Mercè Boada, R. Novell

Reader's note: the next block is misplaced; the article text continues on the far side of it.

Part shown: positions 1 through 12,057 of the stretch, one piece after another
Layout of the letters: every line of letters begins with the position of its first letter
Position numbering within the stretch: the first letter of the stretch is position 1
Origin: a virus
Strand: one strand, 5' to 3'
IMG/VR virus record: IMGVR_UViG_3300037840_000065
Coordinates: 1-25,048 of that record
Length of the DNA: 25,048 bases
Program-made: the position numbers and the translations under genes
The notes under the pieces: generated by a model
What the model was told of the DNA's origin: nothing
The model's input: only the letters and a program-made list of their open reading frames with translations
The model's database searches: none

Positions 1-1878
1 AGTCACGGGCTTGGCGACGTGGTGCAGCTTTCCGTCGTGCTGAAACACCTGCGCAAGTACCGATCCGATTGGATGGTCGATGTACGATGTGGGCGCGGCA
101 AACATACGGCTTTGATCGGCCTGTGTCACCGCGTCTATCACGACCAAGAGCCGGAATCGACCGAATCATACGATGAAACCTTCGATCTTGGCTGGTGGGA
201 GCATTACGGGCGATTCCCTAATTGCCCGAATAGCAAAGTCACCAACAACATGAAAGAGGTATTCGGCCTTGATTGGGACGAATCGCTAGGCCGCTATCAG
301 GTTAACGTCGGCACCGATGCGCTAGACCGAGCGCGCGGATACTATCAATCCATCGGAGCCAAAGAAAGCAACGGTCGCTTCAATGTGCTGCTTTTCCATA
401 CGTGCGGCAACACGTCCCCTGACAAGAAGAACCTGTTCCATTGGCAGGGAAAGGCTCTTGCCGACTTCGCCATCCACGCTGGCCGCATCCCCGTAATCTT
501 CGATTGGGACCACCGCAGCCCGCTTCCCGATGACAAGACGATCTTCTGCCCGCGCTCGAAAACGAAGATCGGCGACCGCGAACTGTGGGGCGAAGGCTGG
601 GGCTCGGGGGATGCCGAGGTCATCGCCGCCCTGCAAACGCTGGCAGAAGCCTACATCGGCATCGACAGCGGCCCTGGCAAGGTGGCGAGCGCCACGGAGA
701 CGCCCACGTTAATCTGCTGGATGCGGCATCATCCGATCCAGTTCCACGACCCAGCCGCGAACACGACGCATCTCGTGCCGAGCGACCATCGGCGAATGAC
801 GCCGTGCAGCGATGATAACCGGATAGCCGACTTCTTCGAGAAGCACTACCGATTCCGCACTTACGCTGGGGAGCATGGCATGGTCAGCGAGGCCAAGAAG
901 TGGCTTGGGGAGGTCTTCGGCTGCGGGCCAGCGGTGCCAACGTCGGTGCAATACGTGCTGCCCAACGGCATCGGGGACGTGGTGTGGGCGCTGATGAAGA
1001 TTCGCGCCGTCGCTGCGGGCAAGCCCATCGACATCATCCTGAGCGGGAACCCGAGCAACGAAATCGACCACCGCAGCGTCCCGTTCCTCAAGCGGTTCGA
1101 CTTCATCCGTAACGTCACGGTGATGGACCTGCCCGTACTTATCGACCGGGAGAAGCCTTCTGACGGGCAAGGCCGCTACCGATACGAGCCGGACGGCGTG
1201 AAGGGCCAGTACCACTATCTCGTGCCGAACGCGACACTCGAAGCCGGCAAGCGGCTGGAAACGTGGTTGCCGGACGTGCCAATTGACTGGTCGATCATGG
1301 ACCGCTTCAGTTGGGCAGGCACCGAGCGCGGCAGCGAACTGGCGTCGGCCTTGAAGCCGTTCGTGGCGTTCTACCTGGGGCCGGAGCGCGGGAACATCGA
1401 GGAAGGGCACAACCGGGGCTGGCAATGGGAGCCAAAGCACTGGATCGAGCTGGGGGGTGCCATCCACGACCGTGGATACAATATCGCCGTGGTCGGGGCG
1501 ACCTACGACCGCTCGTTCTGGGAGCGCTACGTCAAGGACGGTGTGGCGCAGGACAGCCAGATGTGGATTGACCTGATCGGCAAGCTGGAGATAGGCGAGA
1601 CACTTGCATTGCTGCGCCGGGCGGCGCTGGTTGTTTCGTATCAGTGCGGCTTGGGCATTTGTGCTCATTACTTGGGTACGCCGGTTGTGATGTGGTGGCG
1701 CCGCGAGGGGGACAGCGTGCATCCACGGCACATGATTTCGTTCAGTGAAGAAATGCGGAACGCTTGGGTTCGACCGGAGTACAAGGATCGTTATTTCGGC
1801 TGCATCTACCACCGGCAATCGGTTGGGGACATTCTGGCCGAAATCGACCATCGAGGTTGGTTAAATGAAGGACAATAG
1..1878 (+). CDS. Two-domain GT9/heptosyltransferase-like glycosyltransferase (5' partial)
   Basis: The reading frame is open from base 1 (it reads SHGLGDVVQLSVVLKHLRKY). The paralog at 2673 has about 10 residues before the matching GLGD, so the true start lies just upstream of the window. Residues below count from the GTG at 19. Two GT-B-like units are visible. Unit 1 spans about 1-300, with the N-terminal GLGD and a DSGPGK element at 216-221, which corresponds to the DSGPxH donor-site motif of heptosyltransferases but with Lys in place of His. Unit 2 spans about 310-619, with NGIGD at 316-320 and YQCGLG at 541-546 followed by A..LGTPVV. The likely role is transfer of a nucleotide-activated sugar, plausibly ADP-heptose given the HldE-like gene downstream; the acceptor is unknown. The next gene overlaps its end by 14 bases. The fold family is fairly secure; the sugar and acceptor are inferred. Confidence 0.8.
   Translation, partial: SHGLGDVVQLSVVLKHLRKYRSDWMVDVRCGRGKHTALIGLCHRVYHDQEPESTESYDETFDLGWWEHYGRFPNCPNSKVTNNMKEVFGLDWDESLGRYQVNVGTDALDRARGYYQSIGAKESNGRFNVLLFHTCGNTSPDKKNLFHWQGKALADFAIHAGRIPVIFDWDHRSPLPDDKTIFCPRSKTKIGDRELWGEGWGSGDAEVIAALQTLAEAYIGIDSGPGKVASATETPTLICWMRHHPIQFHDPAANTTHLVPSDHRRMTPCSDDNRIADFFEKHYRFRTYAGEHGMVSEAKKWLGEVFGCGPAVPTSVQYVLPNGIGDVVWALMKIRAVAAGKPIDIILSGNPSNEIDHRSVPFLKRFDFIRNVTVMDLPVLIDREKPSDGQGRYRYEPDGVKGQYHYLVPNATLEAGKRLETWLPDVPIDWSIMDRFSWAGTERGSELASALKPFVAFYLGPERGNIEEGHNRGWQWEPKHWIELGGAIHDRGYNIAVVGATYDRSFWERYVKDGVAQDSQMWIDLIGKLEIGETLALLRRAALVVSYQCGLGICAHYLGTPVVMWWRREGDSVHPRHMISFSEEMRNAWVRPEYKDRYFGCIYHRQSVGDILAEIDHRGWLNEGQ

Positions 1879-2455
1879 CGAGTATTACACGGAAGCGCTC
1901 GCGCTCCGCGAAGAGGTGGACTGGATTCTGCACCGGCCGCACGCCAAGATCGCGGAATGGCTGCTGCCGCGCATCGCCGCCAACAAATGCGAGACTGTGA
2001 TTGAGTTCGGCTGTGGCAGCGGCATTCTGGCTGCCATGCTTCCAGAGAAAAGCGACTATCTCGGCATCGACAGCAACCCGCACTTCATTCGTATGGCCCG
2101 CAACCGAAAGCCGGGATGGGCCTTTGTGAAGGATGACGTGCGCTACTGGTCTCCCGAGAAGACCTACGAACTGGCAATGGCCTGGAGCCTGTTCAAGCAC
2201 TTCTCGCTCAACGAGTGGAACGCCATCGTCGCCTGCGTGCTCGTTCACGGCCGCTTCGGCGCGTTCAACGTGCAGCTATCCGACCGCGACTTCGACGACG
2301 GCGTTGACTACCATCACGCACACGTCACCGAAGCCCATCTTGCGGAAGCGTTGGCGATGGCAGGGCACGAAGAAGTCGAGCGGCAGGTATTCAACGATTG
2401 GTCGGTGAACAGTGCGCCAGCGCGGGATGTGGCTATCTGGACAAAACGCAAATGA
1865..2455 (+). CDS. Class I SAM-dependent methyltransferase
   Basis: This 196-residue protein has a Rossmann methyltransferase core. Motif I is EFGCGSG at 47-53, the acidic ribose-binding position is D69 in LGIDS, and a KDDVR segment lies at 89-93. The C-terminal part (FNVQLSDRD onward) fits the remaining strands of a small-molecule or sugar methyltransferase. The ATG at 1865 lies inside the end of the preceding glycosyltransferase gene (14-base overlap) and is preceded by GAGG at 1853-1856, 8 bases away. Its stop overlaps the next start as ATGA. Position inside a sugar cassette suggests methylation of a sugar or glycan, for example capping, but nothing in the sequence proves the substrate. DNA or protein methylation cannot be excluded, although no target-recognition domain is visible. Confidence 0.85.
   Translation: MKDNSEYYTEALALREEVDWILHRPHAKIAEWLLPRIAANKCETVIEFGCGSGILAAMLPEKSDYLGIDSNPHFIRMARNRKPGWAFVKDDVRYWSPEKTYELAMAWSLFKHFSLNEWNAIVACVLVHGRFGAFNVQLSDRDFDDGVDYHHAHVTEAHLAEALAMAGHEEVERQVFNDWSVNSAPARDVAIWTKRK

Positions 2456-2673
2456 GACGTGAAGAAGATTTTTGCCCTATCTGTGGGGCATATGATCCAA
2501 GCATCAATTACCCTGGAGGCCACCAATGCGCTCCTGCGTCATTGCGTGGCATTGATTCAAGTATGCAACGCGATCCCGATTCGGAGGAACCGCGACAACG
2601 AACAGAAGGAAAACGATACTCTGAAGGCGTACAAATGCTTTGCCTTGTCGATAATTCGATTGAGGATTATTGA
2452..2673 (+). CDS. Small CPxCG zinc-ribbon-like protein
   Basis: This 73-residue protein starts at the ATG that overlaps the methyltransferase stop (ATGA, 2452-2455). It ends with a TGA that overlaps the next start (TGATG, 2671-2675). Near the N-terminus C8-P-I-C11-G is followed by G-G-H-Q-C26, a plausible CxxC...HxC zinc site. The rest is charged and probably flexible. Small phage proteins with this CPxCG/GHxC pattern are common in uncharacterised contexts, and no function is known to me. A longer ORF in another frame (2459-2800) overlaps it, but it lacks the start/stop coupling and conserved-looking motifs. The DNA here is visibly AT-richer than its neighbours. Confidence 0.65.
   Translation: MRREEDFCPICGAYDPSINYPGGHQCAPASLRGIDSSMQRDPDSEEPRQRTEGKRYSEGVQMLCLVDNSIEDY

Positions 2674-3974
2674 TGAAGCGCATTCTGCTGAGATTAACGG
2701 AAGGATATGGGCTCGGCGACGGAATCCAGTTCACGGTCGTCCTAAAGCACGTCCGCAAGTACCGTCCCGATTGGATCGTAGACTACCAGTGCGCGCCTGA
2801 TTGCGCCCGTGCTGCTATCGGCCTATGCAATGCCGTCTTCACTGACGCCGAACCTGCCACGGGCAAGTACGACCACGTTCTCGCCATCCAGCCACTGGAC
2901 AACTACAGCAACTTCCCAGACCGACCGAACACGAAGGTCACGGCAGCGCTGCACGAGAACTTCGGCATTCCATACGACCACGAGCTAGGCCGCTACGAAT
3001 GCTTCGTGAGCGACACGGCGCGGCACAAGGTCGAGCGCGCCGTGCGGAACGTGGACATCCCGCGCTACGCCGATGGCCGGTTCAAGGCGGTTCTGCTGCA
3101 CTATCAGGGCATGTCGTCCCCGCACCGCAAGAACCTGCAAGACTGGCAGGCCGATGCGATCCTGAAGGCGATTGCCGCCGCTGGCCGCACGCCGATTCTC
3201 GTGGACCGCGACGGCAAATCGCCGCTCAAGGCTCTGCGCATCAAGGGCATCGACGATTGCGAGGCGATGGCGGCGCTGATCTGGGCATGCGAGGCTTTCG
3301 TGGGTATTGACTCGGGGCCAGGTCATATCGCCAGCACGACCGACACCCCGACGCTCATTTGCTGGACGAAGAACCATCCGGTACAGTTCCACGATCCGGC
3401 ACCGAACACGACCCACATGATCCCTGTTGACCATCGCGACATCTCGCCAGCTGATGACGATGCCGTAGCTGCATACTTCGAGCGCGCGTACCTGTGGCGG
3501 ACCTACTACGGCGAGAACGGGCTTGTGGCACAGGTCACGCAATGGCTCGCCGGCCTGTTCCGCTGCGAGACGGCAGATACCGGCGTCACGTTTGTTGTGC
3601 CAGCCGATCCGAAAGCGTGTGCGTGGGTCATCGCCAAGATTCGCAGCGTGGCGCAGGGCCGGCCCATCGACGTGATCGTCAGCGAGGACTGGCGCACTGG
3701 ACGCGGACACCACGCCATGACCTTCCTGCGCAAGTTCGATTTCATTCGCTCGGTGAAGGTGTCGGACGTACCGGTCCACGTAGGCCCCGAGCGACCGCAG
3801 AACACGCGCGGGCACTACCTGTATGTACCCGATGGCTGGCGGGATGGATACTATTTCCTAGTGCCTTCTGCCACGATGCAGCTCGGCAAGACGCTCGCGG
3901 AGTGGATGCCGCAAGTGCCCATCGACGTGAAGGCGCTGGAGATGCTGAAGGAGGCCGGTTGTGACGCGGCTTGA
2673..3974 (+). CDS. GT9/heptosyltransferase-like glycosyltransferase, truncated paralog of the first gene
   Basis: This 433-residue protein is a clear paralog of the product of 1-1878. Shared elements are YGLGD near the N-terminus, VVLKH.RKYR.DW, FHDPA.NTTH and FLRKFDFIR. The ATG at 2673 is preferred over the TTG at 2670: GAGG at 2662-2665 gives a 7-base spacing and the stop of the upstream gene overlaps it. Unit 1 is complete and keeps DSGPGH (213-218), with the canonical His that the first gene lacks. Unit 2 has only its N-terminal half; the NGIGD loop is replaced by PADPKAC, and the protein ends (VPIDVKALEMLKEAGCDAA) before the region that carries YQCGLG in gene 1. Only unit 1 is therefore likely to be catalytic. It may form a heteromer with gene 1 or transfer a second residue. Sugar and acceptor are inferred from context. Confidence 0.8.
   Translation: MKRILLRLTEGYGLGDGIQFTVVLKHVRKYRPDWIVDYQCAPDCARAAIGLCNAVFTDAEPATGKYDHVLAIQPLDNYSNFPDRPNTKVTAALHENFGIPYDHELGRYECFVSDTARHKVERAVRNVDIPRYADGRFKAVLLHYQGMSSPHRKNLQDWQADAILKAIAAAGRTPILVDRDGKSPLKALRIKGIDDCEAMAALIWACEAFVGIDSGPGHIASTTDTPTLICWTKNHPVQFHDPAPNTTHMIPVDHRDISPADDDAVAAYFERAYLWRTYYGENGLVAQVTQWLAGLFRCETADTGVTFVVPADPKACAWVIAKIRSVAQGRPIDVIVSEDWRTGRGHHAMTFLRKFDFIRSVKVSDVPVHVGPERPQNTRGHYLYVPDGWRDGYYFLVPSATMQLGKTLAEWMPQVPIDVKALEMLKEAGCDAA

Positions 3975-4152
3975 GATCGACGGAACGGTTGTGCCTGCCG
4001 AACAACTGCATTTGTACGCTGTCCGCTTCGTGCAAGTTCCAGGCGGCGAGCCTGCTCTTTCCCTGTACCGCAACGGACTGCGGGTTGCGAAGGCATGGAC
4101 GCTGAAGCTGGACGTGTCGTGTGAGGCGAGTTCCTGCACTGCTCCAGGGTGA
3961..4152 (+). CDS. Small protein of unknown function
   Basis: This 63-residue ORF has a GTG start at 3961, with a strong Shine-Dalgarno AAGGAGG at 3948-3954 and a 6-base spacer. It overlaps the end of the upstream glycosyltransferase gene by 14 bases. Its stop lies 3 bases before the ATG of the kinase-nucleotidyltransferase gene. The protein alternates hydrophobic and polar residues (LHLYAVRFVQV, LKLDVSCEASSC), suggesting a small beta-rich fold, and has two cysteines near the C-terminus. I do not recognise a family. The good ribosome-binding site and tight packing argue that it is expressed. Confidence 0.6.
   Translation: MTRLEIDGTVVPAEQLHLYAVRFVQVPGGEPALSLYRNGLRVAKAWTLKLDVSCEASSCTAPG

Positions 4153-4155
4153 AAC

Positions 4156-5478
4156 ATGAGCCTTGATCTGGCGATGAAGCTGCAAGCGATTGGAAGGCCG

The study of ageing in people with intellectual disability is a recent subject of interest. Until a short time ago, living conditions for the majority of these people, irrespective of the gravity of their impairment, led them to premature death at an early age. There was little or no interest in their state of health, their adaptive competency and even less in changes made in accordance with the ageing process. As with the general population, the ageing of people with mental deficiency is a consequent circumstance of a combination of better health care and improved living conditions that together increase life expectancy. Life expectancy in people with Down Syndrome has increased from less than 10 years of age at the beginning of the 20th century to 50 years of age now. In fact, around 20% of people with Down Syndrome can now live longer than 55 years. Age-related changes in people with Down Syndrome prompt us to suggest that these people age prematurely. Age-linked changes that can be observed in the general population from 70 years of age can be observed in people with Down Syndrome from the age of 30. Among other evidence, which reinforces this fact, can be seen a greater risk of sensorial, visual and hearing impairment, thyroid disorders and Alzheimer like dementia at an earlier age in people with mental deficiency when compared those to other ethiologies. Down syndrome and Alzheimer's disease: Age-related changes in people with Down Syndrome are becoming of greater interest, especially because these persons develop at an early age neuropathologic damage typical of Alzheimer's disease. Neuropathologic studies have demonstrated that at the age of 30, several characteristics of Alzheimer's disease can be seen, such as amyloid defectation, senile plates, neurofibril balls, predominantly in the tonsils, the "hipocampo" and areas of cortical association in the frontal, temporal and parietal lobe. Neuropathologic damage is of special significance if we consider it in conjunction with early ageing indexes, reduction in life expectancy in people with Down Syndrome and evidence of the ever more outstanding relationship between Chromosome 21 genes and the development of Alzheimer's disease. Therefore, since deterioration in cognitive and behaviour functions is obvious, the anatomopathologic, neurophysiologic and neuroimaging findings suggest a great risk of developing on Alzheimer's disease from the 40's and 50's in a significant proportion of people with Down Syndrome.